And the big secret: a good chunk of it is good advice. But you still can’t follow all of it.

Take blogging for example. I really am a successful example of how the Western school system molds our brains to value research and hard data so with a new project in mind step one was research.  Before I logged on to wordpress, named my project or even knew what I wanted my scope and subjects to be I was reading other blogs and articles about blogging.  There’s all kinds of advice from what and how to write, to how to promote it, to sample schedules, and the list goes on.

The reality is that while it might mostly be sound advice for starting a blog, it isn’t possible to consume and then follow all of it. Pick advice that makes sense with who you are, what project you’re working on and what you want from it.

The bottom line is this: Don’t be afraid to ignore good advice.

As for deciding what to ignore, don’t overthink it. Actually, you don’t even have to look at a piece of advice and then decide to ignore it. Really, the key is finding a few sources of advice that you trust and are interested in – then, stop looking.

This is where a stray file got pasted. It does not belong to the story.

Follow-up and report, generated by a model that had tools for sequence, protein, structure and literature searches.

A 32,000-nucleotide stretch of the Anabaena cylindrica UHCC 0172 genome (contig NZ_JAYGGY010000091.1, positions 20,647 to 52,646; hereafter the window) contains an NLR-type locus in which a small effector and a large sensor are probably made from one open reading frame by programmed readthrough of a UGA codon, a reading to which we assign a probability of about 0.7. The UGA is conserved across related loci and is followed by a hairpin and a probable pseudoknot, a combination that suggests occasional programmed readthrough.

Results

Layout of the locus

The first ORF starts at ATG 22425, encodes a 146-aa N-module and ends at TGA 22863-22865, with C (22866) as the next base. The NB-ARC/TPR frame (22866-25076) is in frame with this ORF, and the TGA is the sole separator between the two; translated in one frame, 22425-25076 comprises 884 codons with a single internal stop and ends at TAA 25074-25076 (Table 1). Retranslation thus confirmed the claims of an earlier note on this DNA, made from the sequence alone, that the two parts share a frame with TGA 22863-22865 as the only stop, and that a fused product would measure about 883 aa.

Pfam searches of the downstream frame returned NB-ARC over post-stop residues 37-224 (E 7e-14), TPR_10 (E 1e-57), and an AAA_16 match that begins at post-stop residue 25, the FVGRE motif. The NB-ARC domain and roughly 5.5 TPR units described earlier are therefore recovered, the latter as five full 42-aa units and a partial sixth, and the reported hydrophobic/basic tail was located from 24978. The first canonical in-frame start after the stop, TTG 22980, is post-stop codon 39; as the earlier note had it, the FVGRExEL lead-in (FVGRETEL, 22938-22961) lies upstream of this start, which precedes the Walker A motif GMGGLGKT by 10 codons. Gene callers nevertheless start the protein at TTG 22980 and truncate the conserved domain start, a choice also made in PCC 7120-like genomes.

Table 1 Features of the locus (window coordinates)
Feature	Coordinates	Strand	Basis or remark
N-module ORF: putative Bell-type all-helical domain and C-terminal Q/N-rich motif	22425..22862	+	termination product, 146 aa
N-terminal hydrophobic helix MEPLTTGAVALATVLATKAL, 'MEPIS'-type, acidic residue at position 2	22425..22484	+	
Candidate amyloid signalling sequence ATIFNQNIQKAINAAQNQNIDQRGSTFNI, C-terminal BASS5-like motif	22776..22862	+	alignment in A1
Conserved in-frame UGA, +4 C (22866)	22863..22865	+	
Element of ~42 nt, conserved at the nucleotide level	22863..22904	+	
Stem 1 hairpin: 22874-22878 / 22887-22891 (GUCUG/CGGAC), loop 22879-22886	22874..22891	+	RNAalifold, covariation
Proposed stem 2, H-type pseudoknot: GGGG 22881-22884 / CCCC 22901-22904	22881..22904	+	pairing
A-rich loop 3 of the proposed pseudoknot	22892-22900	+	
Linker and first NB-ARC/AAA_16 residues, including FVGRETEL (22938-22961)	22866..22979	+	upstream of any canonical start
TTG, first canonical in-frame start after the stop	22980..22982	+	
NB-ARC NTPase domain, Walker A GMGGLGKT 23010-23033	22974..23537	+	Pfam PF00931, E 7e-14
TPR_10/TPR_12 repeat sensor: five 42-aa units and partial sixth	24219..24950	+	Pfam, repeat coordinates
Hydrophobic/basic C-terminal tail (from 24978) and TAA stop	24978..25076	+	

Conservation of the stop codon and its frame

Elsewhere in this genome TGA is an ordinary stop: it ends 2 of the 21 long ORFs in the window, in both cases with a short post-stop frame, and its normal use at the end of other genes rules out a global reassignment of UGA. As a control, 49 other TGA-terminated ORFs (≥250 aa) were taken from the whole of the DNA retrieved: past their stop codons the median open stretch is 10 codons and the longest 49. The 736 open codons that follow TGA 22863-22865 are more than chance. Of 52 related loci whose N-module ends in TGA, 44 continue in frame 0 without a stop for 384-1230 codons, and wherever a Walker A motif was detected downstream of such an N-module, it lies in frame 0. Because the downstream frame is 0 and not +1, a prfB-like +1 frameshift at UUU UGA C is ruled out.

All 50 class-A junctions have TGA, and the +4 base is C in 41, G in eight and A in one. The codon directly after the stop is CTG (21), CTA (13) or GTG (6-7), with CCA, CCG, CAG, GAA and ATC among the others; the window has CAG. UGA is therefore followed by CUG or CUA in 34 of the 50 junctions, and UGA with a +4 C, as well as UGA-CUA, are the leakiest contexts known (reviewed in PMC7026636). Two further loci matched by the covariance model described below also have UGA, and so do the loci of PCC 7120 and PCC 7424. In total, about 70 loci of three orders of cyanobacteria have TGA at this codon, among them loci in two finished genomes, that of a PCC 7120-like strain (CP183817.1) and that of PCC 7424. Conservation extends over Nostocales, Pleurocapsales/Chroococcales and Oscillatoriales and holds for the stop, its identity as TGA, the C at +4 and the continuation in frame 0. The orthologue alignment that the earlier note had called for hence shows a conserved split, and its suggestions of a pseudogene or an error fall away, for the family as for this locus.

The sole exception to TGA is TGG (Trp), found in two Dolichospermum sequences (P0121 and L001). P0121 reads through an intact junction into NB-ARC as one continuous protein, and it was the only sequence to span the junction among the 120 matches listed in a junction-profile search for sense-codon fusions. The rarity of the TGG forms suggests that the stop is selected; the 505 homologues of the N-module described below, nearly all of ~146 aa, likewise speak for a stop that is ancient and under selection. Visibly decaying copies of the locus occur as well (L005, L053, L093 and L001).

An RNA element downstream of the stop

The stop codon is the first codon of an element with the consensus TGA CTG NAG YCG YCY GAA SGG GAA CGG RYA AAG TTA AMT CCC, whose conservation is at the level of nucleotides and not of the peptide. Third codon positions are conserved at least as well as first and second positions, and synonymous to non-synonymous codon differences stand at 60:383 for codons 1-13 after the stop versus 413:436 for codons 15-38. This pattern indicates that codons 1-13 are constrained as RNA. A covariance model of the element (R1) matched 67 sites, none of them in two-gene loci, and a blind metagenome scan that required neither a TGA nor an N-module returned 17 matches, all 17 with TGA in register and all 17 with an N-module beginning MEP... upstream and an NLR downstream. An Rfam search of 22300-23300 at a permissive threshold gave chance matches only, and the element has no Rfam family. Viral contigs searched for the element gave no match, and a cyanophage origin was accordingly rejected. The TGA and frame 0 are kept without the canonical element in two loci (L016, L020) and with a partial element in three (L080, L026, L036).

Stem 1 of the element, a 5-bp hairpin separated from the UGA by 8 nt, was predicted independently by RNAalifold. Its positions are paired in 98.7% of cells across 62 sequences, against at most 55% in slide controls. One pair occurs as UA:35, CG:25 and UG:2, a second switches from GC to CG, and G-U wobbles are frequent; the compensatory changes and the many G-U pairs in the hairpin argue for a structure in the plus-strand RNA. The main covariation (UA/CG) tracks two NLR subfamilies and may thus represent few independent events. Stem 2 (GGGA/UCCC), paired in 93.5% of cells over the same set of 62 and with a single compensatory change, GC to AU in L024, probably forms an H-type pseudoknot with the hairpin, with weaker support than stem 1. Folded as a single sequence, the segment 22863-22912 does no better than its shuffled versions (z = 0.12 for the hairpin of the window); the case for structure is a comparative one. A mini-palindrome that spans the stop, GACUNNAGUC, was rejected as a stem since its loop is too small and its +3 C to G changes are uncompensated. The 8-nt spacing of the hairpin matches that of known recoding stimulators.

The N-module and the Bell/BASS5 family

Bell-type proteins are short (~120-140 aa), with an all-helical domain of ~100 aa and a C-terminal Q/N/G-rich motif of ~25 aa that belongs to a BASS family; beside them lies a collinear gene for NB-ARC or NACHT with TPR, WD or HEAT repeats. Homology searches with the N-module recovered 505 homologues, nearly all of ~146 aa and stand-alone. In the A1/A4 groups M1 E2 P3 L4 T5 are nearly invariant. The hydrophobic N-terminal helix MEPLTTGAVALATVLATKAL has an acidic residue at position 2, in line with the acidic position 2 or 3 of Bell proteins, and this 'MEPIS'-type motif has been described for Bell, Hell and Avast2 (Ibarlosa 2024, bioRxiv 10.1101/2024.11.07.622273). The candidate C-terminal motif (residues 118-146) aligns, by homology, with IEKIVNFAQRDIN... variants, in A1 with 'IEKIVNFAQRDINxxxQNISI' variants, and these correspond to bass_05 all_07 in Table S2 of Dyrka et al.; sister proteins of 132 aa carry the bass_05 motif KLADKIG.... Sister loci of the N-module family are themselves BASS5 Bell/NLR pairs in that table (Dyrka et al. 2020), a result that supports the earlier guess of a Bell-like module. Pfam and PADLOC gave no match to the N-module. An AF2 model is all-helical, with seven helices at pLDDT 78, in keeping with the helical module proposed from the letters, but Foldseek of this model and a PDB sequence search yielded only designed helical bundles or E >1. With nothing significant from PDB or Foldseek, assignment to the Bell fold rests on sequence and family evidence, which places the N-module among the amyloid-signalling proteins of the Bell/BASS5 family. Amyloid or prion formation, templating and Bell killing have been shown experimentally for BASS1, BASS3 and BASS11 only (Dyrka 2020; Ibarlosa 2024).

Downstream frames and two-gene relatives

As long as you’re looking for advice you’ll find it. You’ll find new or different strategies, approaches, ideas, etc.  You’ll find new gurus, leaders, and writers who will want to help you on your journey.

If there’s one thing I’ve noticed from hopping around between gurus and programs the key that they promote is consistency. Regardless of the platform or product, no matter what strategy you use to promote yourself the gurus agree: you have to be consistent.

So I offer you this: be consistent with the advice you choose to follow. Even if you don’t see immediate results or you see others selling advice that promises everything you’ve ever wanted… choose your advice and follow it consistently.

Focusing on Love

I noticed that I’d written two other “focusing on” titles, one for work and one for fitness.  I thought I might as well round out the unintentional series with a few thoughts on finding focus in love.

One of the major mental shifts in the transition from monogamy to polyamory has been paying attention not only to the amount of time I spend with each partner but exactly how we use that time.

When it was just Ben and I we could spend all weekend getting things done like grocery shopping, Costco trips, little fixes around the house and cleaning.  It might easily become much needed time to get to the things that, for one reason or another weren’t accomplished during the week.  As a monogamous couple, this sort of weekday procrastination and weekend productivity worked.  Now however if we blow through a couple days getting a lot of practical things done it feels like we really haven’t had that time together and before we know it we are out on dates with other partners and having second thoughts about what we did with our time together.